Human emotion and political intrigue crackle through Richard II. History, politics, and feeling are all made vibrant by its rich poetic dynamic.
It is not surprising that Sir John Gielgud felt strongly that actors should be cast in this play on account of their different vocal qualities. Long stretches of Richard II require sustained vocal, poetic effects. The role of Richard II himself has tended to attract actors who are particularly sensitive to Shakespearian poetry, sometimes with a music-like quality in their vocal resonance.
Time and again critics have praised actors playing Richard for using their voices almost like musical instruments. Gielgud made the role very much his own for the twentieth century. His 1960 Caedmon audio recording is still a pleasure to listen to. Other notable Richards include: Sir Michael Redgrave (Stratford, 1951), Paul Scofield (Tennant Productions, 1952), Sir Ian McKellen (praised for the direct simplicity he brought to the verse-speaking for the Prospect Company’s 1968 production), Ian Richardson and Richard Pasco (alternating the roles of Richard and Bolingbroke for the R.S.C. in 1973), Sir Derek Jacobi (BBC Television, 1978), Jeremy Irons (RSC, 1986), Michael Pennington (English Shakespeare Company, 1987), Alex Jennings (RSC, 1990), Fiona Shaw (National Theatre, 1995), and Sam West (RSC, 2000).
Over the last ten years, I think it’s possible to notice a change of direction away from poetic Richards. There were Mark Rylance’s child-like, almost clownish Richard (Shakespeare’s Globe, 2003), Kevin Spacey’s crisp and convincing corporate version (The Old Vic, 2005), and Jonathan Slinger’s decadent portrayal (R.S.C., 2007-8).
Now it is the turn of John Heffernan, a rising star who cut his professional teeth with the R.S.C. in 2006 and has since moved on to successes at The National Theatre, most recently in The Habit of Art and After The Dance. Heffernan shines as Richard II (often regarded as an earlier version of Hamlet) because of the variety he brings to the role. He is by turns comic, sulky, sarcastic, petulant, simmeringly angry (with the occasional sudden outburst), movingly tender during his parting from the Queen, agonised during his long prison soliloquy, and ordinarily human when chatting with the Groom a few moments later. Heffernan’s voice has a natural musical timbre, but his performance is not primarily about making the role lyrical. It is about his inhabiting the part. The politics and his emotions come to the fore; the musicality of the role seems to sound almost inevitably.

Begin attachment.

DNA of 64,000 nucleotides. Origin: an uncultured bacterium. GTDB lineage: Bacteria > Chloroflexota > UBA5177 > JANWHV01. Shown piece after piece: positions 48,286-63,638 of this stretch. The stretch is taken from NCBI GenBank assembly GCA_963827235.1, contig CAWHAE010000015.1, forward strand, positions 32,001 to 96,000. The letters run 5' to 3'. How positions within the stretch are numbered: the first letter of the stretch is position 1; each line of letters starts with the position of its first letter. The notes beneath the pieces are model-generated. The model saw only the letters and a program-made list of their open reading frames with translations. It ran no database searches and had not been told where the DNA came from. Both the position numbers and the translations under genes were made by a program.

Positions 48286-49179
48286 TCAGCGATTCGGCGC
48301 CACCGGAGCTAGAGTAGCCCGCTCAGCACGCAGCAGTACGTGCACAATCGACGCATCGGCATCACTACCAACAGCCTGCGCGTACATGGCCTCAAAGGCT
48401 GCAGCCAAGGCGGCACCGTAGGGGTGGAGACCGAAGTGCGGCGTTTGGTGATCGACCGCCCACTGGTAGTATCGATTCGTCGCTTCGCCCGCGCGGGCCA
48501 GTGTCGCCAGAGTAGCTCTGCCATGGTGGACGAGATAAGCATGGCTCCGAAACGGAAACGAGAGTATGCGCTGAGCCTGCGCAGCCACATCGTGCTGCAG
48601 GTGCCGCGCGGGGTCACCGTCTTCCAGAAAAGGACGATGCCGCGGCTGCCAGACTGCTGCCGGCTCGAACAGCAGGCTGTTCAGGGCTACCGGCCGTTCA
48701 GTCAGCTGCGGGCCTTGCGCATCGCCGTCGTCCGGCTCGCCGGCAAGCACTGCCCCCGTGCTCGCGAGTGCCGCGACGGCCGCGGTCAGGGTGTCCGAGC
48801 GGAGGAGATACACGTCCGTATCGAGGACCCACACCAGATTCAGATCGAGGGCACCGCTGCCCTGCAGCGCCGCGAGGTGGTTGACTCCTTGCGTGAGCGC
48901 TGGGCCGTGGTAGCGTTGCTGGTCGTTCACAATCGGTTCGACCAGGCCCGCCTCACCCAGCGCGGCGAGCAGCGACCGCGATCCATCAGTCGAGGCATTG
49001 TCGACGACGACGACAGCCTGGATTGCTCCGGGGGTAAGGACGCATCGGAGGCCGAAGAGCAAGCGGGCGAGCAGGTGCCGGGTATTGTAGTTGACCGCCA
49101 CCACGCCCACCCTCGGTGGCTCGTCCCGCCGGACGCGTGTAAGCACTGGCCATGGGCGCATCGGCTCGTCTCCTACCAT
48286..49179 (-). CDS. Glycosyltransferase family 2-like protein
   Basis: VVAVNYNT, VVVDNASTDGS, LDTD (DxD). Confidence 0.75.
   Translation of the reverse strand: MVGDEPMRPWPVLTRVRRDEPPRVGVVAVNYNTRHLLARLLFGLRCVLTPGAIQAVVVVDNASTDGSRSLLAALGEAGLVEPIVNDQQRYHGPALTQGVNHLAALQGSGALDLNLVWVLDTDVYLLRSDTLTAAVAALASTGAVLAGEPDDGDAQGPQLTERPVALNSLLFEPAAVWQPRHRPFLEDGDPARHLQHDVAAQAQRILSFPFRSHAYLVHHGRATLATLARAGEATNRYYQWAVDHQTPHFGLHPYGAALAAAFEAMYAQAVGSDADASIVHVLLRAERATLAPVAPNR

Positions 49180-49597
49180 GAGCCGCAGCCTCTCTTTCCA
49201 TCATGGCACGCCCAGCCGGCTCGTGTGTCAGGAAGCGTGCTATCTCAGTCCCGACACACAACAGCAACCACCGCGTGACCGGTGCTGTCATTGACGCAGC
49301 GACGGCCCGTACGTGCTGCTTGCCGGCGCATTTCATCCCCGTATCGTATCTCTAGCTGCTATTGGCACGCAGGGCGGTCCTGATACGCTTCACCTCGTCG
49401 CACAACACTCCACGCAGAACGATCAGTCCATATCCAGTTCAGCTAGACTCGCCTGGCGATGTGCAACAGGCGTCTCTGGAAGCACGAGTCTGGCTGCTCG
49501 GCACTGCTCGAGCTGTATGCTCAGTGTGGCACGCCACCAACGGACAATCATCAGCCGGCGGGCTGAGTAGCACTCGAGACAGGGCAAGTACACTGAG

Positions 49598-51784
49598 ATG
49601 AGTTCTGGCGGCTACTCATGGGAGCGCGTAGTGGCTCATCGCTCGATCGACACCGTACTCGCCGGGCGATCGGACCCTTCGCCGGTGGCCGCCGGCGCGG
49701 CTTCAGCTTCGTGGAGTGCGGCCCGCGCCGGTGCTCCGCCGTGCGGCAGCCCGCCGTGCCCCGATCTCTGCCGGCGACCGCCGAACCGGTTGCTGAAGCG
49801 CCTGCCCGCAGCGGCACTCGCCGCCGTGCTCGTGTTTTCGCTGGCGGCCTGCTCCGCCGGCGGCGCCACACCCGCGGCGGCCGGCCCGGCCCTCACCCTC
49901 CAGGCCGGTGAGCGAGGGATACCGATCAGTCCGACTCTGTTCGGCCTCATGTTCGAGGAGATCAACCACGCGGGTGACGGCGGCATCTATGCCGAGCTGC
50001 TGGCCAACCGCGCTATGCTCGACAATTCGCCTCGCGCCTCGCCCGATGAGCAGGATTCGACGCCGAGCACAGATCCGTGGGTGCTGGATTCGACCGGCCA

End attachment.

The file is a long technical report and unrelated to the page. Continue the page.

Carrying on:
Andrew Hilton’s simply staged production at The Tobacco Factory, Bristol, puts an energetic lyricism back into the heart of Richard II, recapturing and presenting afresh its poetry for the twenty-first century. As Susannah Clapp says in her Observer review, ‘the only concept is the uncovering of the dramatist’s words’.
Unlike most of Shakespeare’s other histories (with the exception of Richard III and Henry V), the evening really does belong to the King of the play’s title. Heffernan’s poetic and dramatic charisma convinced me that Matthew Thomas’s Bolingbroke (resolutely pronounced ‘Bullingbrook’) really should not become King. And there was superlative support across the rest of the cast: Benjamin Whitrow’s tired John of Gaunt, Paul Currier’s outspoken Bishop of Carlisle, Roland Oliver’s politically compromised (rather than only comic) Duke of York, Jack Bannell’s idealistic Harry Percy, and Oliver Millingham’s loyal Aumerle. The play’s few female roles often seem minor. Not so here. All of them resonated throughout Hilton’s production.
The Tobacco Factory’s Richard II is one of the most moving interpretations of the play I’ve seen. At its heart is a brilliant and compelling performance from John Heffernan, totally rooted in the play’s politics as well as its poetry.